In afternoon testing sessions, lasting approximately 2 h, the researcher explained the session order, from the electrode cap fitting, to the computer-based personality-type questionnaires, then two problem-solving tasks (the sense of control tasks) and one longer visual task (the attention bias task). Informed consent was obtained before continuing. An experimental script guided the researcher’s instructions.

Penn alcohol craving scale (PACS) was administered once at baseline; TLC and Summary-SCI before, between and after the two interventions; and TSSCI before and after each intervention. The ad-libitum test was the final measure before debriefing. Figure 2 shows the experimental procedure.


Figure 2. Experimental procedure. The screening survey captured drinking variables with the AUDIT scale of hazardous drinking and the binge score. Craving was measured at baseline with the Penn Alcohol Craving Scale (PACS), and as a repeated measure with the time-locked measure (TLC). Sense of control was measured at baseline with the Shapiro Control Inventory (SCI). Repeated measured of sense of control focused on personal sense of control (SummarySCI), and task-specific sense of control (TSSCI).

Data Analysis

A power analysis (significance set at 0.05, power of 80%) was conducted to calculate the appropriate sample size required (Cohen, 1988). Calculations were based on RTs and P3 measures from previous studies (Bartholow et al., 2010; Petit et al., 2012, 2013), yielding an estimated minimum sample size of n = 45 (including all five groups).

An independent t-test compared drinking groups on baseline attention bias. One-way ANOVAs compared experimental groups on baseline craving and task performance. Repeated-measures mixed ANOVAs assessed changes in craving, personal and task-specific sense of control, task accuracy and speed, and attention bias. Where variables were non-normally distributed, based on skewness or kurtosis values greater than 1.96 (Kim, 2013), equivalent non-parametric analyses were used. This concerned craving and task performance data (Kruskall-Wallis, Friedman, and Wilcoxon tests). Post hoc analyses of differences used Newman-Keuls tests. Effect sizes are given as Cohen’s d for parametric data, partial η2 (ηp2) for interaction terms, and r for non-parametric data (Rosenthal et al., 2000; Rosenthal and DiMatteo, 2001).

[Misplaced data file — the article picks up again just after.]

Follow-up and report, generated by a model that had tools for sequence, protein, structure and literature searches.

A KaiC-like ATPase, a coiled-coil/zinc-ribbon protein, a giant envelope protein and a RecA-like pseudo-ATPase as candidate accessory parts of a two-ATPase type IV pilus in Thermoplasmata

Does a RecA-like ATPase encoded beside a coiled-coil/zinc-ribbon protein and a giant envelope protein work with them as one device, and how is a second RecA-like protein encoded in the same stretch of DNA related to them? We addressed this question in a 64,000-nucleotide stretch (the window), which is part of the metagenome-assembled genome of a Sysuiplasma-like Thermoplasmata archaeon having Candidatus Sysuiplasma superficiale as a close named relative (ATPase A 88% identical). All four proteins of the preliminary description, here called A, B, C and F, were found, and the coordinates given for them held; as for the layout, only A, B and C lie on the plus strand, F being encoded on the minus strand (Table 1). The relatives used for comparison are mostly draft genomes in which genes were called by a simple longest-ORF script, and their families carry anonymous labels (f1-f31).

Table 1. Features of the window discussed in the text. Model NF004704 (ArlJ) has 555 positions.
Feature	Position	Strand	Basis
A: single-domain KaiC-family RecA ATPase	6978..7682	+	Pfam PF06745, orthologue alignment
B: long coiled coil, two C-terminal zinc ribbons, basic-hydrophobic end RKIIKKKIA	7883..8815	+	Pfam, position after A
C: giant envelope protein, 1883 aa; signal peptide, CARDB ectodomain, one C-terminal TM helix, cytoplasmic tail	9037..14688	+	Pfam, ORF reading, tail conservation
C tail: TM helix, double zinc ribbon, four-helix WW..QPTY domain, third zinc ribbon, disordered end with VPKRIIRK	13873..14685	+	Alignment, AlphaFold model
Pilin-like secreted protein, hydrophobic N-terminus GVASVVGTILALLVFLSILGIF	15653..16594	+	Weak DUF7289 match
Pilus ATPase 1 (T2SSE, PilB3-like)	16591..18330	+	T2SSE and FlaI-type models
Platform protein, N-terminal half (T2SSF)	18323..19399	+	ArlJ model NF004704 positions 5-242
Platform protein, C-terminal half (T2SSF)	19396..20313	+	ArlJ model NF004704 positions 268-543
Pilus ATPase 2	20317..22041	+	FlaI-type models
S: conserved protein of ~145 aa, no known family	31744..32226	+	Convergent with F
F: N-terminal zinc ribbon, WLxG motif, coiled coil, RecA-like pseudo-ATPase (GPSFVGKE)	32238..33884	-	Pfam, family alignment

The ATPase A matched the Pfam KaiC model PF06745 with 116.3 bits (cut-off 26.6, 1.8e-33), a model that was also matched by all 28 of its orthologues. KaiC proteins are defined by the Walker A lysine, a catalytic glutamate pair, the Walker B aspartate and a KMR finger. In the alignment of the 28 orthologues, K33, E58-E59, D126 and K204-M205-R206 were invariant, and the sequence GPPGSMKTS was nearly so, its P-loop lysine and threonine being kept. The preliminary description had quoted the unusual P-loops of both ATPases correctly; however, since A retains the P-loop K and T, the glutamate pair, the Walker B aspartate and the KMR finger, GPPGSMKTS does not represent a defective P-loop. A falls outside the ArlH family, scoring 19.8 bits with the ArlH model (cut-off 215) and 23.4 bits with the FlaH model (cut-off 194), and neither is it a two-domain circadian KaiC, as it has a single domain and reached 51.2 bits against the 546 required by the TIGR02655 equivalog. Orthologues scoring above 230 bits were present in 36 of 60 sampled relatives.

Offline data processing was performed using MatLab’s EEGLab and ERPLab plug-ins (version 2014b). EEG data were filtered at 1–30 Hz (48 dB/oct) and re-referenced to an average mastoid reference. All-channel noise was removed with the FASTER method (Nolan et al., 2010), and ICA was used to identify and remove ocular artifacts. Final EEG data had artifacts removed and noisy epochs rejected.

Analyses used average ERPs smoothed with a 50 ms moving window average to make the dominant peaks more perceptible (Delorme et al., 2015). P1 and N1 amplitudes were, respectively, defined as the most positive and negative peaks between 100 and 200 ms after probe presentation. Values falling before 100 ms were identified manually. Baseline comparisons used a 2 × 2 (Drinking group × Probe) ANOVA, and 5 × 2 × 2 (Experimental group × Probe × Time) ANOVAs examined change over time. The factor Time refers to assessments at two points: before the interventions were introduced, and after both were completed. Data from one non-binge drinker was excluded for unacceptable noise. Final analyses concerned 50 participants (41 BDs and 9 controls).